10,000 days of U Mon from the AAVSO International Database (JD2440000 - 2450000). The top image shows more of the long-term behavior with the 10,000 days all on one plot. The bottom plot of 2000 days per panel reveals the long-term as well as the deep and shallow minima (5-day means shown). Click either image to enlarge.

Looking at the light curve, one sees the several features that identify U Mon as an RV Tauri star, and more specifically as an RVb star: the deep and shallow minima against the backdrop of long-term variability. Regarding the short-term behavior, Percy et al. (1991) found that the period between two adjacent minima of U Mon decreased abruptly in 1957 from 46.117 to 45.814 days (based on AAVSO data), where they define the period between adjacent minima as:

JD(minimum) = 2425341.6(+/-2.05) + 45.814(+/-0.00545)N,

where N is the number of cycles since JD2436000.

In Percy and Bakos' 1998 paper, they determine the period of two deep minima and two shallow minima to arrive at a period of 92.26 and 92.38 days, respectively. Meanwhile, Pollard et al. (1996) found that there was no trend in amplitude with time, but that the period decreased over time. They derived a mean period of 46.16 +/- 0.02d, or a double period of 92.32 +/- 0.04d, as based on their B,V,R, and I photometry. In addition, they found that the "long-term variation of U Mon is largest in the B filter and smallest in the I filter."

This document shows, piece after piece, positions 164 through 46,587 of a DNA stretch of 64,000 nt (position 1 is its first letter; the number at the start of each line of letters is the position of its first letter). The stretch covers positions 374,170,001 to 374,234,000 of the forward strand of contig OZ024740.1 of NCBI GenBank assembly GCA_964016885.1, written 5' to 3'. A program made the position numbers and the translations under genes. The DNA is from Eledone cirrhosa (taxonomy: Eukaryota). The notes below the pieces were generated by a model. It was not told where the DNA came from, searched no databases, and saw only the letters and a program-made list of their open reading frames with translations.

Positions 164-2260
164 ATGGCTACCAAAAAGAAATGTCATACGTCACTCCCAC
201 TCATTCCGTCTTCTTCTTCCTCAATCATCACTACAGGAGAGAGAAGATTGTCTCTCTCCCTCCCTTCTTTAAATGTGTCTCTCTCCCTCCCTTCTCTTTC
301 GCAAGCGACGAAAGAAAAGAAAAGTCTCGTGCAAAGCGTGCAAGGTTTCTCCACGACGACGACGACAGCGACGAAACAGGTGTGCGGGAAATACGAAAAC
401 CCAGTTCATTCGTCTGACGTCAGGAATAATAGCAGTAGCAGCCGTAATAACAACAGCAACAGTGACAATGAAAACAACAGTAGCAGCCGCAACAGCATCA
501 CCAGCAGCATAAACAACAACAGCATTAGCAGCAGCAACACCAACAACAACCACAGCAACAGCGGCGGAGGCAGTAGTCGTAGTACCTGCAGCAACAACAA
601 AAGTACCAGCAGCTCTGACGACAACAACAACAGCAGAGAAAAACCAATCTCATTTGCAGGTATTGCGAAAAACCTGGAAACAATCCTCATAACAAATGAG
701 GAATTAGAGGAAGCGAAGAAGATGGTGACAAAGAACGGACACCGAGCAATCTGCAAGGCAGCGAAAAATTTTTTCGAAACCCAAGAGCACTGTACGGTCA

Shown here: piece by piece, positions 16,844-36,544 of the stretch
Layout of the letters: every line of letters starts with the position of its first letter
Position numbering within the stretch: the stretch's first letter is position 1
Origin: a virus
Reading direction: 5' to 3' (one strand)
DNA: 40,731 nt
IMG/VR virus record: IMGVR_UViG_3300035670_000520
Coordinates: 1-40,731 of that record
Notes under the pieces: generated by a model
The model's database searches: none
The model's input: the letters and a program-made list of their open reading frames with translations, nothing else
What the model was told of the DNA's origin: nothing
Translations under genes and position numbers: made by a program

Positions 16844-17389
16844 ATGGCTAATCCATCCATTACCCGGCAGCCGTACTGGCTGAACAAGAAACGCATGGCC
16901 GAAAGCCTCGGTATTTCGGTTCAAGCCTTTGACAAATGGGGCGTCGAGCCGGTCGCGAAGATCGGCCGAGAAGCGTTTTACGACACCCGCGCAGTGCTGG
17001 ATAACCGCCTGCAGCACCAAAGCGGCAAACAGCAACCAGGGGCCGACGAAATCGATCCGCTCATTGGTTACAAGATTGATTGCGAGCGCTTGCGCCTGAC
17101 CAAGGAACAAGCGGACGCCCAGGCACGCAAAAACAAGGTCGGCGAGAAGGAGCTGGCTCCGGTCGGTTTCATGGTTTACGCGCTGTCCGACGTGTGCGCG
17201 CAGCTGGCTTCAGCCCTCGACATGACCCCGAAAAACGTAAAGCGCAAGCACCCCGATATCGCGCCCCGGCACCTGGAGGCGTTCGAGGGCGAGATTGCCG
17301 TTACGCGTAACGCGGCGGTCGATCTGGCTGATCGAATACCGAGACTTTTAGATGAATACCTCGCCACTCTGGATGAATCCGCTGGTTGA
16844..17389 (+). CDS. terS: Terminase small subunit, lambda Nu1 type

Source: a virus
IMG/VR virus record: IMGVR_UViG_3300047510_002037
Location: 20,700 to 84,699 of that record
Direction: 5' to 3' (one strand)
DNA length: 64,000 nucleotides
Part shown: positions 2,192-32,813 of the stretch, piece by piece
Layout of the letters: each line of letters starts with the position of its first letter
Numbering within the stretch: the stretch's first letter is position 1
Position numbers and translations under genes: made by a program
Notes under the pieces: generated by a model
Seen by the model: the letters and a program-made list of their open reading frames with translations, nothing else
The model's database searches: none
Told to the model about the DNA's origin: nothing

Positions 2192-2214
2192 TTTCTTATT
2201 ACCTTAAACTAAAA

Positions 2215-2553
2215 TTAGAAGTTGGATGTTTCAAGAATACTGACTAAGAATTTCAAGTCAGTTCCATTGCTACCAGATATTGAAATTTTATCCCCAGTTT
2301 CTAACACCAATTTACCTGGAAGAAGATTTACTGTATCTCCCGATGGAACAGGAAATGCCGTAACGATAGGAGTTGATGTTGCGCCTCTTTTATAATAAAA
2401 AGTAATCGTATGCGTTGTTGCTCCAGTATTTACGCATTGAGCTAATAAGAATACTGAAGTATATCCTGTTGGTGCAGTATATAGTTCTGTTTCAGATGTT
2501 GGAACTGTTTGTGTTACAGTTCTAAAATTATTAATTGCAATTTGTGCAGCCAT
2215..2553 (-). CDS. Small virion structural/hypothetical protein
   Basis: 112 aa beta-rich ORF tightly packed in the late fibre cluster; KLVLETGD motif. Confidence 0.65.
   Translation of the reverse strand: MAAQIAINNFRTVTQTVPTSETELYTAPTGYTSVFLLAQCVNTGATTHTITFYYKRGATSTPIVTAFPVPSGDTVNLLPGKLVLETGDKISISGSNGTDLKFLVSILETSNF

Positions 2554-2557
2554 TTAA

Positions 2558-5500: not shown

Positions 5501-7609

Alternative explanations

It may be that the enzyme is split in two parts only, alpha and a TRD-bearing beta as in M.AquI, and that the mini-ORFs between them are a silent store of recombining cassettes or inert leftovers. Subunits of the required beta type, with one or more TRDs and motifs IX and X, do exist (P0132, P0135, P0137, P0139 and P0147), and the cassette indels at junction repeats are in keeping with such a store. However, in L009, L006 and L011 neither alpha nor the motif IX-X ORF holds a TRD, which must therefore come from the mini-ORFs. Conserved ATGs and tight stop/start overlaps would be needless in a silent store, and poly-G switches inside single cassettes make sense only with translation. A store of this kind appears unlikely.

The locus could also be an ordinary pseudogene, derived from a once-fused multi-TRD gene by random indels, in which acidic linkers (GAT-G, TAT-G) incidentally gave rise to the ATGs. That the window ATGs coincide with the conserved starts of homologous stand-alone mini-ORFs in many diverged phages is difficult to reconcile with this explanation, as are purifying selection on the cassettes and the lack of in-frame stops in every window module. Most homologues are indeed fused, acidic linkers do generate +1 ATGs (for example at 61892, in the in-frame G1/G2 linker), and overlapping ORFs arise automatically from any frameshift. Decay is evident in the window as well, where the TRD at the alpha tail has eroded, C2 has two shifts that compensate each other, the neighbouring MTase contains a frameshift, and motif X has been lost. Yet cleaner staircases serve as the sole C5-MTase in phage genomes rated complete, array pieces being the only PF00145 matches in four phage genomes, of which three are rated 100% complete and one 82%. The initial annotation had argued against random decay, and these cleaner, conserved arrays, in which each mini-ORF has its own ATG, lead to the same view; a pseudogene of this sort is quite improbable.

On the long-term front, Percy (1993) points out that in U Mon, "the amplitude of the short-term (pulsational) variation seems to be smaller when the star is at minimum in the long-term variation." Percy (1993) further draws attention to the fact that the shape of the U Mon light curve resembles that of a totally-eclipsing binary or R Coronae Borealis star. Mainly that the long-term light curve is not smooth in shape, but is rather flat at maximum and minimum, while the descent appears to happen much more quickly than the rise. The short-term behavior on this scale appears to as vertical scatter, as one can see in the long-term plot shown in the figure above.

Recent behavior of U Mon from the AAVSO International Database. Click image to enlarge.

More recently, it seems that perhaps U Mon has forgotten about its long-term behavior as is revealed in the light curve here. It appears to perhaps begin its descent, but rather continues to vary in its "maximum" state. It will be interesting to see what becomes of the U Mon light curve, particularly in terms of its long-range characteristics. Only time and continued coverage will tell.

What's Going On?

The alternating patterns of shallow and deep minima are believed to be the result of pulsations. The exact cause of the pulsation in these stars is not yet known, but one hypothesis is that they may be pulsating in the fundamental and first overtone with a period ratio of 2:1. Another hypothesis is that they are exhibiting low dimensional chaos in their variability. (See the July 2000 VSOTM: R Scuti for more information.)

The long-term behavior of RVb stars is a mystery as well. According to Percy and Bakos (1998):

"The long-term changes in mean magnitude of some RV Tauri stars have not been adequately explained, though some sort of binary model seems to be indicated on the basis of the long-term radial velocity variations and the eclipse-like light curve. Based on the phasing, the eclipse must involve a disk or torus of dust, perhaps ejected from the RV Tauri star during its AGB phase. Another possibility is that the RV Tauri star is in an eccentric orbit about another star, and mass loss occurs when the stars are at periastron. This may also explain the puzzling fact that, in U Mon and one or two other RVb stars, the amplitude of pulsation seems to be greater at the maximum of the long-term variations. This effect is very difficult to explain if the long-term brightness variations are strictly geometrical."